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The Ruling Party’s Newspaper Bill is Full of Outdated Pride and Deception

The Ruling Party’s Newspaper Bill is Full of Outdated Pride and Deception

Posted November. 26, 2004 22:53,   


While the ruling party and the opposition party brought up their own versions of newspaper and broadcasting law revisions separately for discussion to the Culture and Tourism committee in the National Assembly, the Korean Society for Journalism and Communication Studies (Chairperson Lee Chang-geun, professor of Communication Arts, Kwangwoon University) hosted “A Panel Discussion on Journalism Law and its Revision” at the Korean Journalism Foundation Training Center at the Korea Press Center on November 26.

Journalistic scholars and the assemblymen who participated in the proposal of the revisions held a heated debate on the issues related to the newspaper and broadcasting bills and the responsibility and the freedom of journalism.

The Newspaper Bill-

Bang Jung-bae, professor of Journalism and Mass Communications at Sungkyunkwan University, criticized the Uri Party’s periodical publishing law revision saying, “The bill was prematurely produced without thorough research.” For example, he claimed that the market share limit clause on the newspaper bill didn’t provide proof of the public opinion monopoly abuses when one newspaper has a 30 percent share and the top three newspapers have a 60 percent share of the total.

Yim Sang-won, honorary professor of Journalism and Mass Communications at Korea University, also criticized, “The enlightenment influenced newspaper bill proposed by the ruling party’s newspaper bill is outdated pride and the Messianism is deception or paranoia.” He warned, “In 1980, the Journalism Basic Act was thought to be a savior’s hand at the time of forced mergers and the abolition of media companies. But the truth wasn’t like that,” adding, “Even if the current ruling power doesn’t abuse the newspaper law, there is no guarantee that the next ruling power won’t.”

Kang Myung-gu, professor in the department of Communication at Seoul National University, pointed out, “I can’t help thinking that not only the content of the [newspaper] bill but also the way it has progressed were terribly wrong.” He explained that the tentative plan, in which journalism is regarded as something which can be revolutionized through a legal revision like the national security law, is political.”

The Broadcasting Bill-

Jung Yun-sik, Gangwon University’s Communications professor, expressed his apprehension about the Uri Party’s broadcasting law revisions, which includes establishing mandatory broadcasting scheduling committee participation by the reporting and production staff in public or new channels. “When the right of broadcasting scheduling is decided by reporters’ groups, almost all the channels will have the same progressive voice.”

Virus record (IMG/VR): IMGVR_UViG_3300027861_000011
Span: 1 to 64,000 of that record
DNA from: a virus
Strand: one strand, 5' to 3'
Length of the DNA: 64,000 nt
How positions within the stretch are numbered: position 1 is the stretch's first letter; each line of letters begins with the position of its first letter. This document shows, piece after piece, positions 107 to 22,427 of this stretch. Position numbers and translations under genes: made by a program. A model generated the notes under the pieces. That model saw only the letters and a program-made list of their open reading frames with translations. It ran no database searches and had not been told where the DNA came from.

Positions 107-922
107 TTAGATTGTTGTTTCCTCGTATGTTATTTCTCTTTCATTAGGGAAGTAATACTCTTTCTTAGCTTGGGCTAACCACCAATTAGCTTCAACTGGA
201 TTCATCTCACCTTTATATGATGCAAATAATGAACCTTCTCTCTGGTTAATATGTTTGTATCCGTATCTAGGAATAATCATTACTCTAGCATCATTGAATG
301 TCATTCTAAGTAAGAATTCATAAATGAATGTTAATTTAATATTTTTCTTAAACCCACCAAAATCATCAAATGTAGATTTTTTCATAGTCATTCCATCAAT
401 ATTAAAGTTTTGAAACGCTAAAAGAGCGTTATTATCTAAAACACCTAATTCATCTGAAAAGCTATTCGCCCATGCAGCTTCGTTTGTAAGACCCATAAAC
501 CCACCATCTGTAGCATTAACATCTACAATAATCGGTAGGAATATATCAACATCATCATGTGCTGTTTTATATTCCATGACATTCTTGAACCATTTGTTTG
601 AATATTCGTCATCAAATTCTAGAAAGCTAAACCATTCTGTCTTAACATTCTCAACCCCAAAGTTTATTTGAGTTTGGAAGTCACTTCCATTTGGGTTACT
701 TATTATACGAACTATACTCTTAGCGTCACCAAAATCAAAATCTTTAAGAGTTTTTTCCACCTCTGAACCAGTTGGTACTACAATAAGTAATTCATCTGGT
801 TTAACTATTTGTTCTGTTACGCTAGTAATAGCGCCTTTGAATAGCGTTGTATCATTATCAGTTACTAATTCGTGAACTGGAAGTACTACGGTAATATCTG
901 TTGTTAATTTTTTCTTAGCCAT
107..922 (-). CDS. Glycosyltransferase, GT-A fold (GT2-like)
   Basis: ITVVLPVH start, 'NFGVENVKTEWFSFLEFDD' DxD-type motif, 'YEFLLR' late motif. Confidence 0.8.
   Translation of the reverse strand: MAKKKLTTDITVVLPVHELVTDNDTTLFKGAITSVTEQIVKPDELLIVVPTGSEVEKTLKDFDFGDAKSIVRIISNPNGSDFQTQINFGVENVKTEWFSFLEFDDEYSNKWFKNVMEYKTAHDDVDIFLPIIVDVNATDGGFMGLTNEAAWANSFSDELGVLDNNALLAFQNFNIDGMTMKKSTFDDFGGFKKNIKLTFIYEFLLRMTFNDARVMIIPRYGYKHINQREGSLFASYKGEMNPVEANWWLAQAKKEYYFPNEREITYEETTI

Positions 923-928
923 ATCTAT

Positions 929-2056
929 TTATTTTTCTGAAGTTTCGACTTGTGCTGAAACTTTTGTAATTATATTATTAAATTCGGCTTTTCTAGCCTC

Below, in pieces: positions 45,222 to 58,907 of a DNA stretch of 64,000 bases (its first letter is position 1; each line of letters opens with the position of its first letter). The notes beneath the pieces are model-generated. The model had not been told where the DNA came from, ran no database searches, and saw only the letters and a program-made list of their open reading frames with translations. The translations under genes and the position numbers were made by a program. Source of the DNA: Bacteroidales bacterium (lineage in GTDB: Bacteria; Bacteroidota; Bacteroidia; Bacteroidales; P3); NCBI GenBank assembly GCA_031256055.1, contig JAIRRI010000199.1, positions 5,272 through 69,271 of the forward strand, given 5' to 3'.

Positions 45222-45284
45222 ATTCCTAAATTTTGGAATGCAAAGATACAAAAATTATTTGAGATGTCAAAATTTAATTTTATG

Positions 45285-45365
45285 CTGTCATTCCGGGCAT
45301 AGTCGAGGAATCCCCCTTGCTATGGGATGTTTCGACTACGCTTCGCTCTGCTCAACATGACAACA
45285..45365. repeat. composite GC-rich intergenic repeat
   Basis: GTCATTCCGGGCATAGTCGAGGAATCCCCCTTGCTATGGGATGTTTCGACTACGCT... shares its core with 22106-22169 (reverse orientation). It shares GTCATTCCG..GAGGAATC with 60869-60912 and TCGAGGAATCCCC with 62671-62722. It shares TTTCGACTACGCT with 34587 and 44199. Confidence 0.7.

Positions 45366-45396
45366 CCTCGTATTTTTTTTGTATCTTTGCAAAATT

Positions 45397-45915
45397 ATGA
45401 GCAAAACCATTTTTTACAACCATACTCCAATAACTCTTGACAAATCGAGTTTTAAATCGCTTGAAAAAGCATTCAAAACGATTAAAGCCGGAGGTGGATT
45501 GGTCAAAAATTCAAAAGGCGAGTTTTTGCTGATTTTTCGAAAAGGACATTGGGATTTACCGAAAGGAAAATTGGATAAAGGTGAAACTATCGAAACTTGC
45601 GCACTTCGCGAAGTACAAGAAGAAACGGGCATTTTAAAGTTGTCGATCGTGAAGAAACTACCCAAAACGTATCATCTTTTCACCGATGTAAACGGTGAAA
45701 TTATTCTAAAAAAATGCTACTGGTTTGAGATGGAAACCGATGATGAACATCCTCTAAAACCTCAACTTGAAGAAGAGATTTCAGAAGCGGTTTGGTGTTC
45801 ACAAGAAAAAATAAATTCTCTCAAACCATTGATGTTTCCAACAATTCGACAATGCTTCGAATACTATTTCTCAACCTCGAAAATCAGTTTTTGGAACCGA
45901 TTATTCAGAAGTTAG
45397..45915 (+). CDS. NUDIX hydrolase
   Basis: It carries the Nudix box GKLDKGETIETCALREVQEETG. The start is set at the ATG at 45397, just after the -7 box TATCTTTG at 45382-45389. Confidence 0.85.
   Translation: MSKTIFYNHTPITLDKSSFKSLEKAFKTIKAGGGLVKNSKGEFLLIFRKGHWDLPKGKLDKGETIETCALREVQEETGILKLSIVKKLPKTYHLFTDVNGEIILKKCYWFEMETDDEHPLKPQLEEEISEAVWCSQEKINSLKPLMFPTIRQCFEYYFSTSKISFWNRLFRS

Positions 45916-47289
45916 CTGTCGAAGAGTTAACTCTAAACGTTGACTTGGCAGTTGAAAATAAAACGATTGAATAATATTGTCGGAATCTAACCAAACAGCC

In the meantime, Kim Jae-young, Communications professor at Chungnam University, had a more positive view about the bill saying, “When setting up a broadcasting scheduling committee becomes mandatory, it can maintain a vigil over company management and can also challenge one-sided decisions by the owner or senior management.”

Professor Jung also raised a concern on a section of the ruling party’s broadcasting law revision where it tightens the requirements for a private broadcasting company’s license renewal. “The reasons of disqualification for the license renewal referral should be clearly stated in the broadcasting law. Otherwise, as in the recent case of the renewal referral process, there will be more concerns about the broadcasting committee’s arbitrary decision, since the moral and legal decisions are chaotically mingled together.”

Professor Kim supported the strengthening of renewal requirements saying, “Depending on the characteristics and the role of each broadcasting company such as public, private, local, and national companies, the review and the evaluation of standards should be applied differently.

On the Grand National Party’s newspaper freedom bill which enables a newspaper company to own and manage as much as a 10 percent share of a broadcasting company, professor Jung commented, “Newspapers’ public channel management is too untimely for social sentiment,” and suggested, “Allowing a newspaper company to own shares of the cable and the satellite news channels would be a good alternative.”

Konkuk University Journalism professor Kim Dong-kyu observed, “Both parties’ broadcasting bills are the chaotic mixture of public interests and market principles. They don’t reflect the changes in the current media environment,” and requested, “A more serious approach is needed.”

Jin-Yeong Lee ecolee@donga.com